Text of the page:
1. The All-Powerful, All-Knowing Student Council
If an anime is set in a high school, chances are that, sooner or later, we’re going to meet the student council. Most of the time, they're going to be students from third grade, especially if the main characters are freshmen, and they all are going to be considered both perfect and terrifying by the general student population. More importantly, they tend to have an absolute authority over the school, sometimes even above the Principal and other adults. Some student councils can even invent their own rules and can even use their power to try to conquer the world. While, in Japan, real student councils have more authority than their Western counterparts, as they are in charge of clubs funding, it still gets exaggerated to an absurd level.
The student council in Anime-Gataris makes their appearance on the second episode just as the club manages to get their sixth member. At the exact moment they get him and would become an official club, the three members of the student council enter the room and inform the anime club that, starting then, they are forbidden from using the room for their club activities. How did they know that the club was forming? Possibly by the flyers Minoa and Arisu were handing out to other students. But how do they know that Nanako had just come to join in? It’s never explained. How did they find out that the anime club was connected to the world going crazy? We never know either. It’s part of the mystery and the power of the student council.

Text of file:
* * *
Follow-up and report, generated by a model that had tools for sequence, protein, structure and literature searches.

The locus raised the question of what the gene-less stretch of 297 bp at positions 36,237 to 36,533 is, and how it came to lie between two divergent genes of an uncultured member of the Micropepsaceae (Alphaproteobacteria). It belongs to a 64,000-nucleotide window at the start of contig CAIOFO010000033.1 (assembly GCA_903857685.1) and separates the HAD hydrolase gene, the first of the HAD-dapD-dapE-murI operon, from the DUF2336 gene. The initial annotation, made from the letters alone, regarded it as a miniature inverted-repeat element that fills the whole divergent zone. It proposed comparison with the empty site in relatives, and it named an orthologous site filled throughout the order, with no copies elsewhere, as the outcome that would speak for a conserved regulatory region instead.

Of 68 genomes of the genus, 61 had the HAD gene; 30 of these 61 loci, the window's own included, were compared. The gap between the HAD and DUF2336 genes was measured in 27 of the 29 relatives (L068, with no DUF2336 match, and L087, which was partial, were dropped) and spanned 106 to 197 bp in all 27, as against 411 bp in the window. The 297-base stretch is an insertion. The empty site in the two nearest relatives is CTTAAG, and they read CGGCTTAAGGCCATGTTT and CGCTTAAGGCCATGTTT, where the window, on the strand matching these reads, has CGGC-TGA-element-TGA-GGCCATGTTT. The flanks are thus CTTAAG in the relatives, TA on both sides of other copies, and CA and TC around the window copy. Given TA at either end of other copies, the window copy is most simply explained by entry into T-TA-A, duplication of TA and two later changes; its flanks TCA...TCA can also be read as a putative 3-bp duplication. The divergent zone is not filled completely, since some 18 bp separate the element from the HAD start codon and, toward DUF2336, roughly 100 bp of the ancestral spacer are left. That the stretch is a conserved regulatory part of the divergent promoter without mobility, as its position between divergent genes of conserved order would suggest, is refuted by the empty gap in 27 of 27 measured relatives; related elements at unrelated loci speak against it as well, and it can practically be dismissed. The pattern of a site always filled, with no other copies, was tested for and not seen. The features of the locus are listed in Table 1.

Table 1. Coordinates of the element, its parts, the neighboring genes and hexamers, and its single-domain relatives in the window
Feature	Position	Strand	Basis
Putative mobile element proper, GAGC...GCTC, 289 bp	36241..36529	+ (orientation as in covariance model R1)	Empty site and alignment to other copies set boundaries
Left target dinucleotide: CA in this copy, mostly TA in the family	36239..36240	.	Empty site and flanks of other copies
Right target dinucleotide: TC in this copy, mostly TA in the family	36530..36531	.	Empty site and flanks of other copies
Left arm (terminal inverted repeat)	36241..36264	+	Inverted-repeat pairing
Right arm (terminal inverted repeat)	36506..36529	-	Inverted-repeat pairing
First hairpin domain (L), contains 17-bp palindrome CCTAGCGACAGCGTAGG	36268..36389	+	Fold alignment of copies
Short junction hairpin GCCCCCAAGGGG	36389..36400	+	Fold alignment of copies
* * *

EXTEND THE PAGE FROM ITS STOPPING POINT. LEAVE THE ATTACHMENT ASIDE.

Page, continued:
Tropes are sometimes considered cliché because they’re very widely used. But they aren’t bad, an amazing story can be full of tropes and, if they’re well used, they can surprise even the most jaded viewer. It takes good writers to take the tropes, use them correctly, and even subvert them to entertain and surprise the viewers.
Which tropes have you identified in Animegataris? Which ones are your favorites? Which ones do you think didn’t get used to their full potentials? Which ones did they use perfectly? This is a conversation, so please, let us know in the comments below.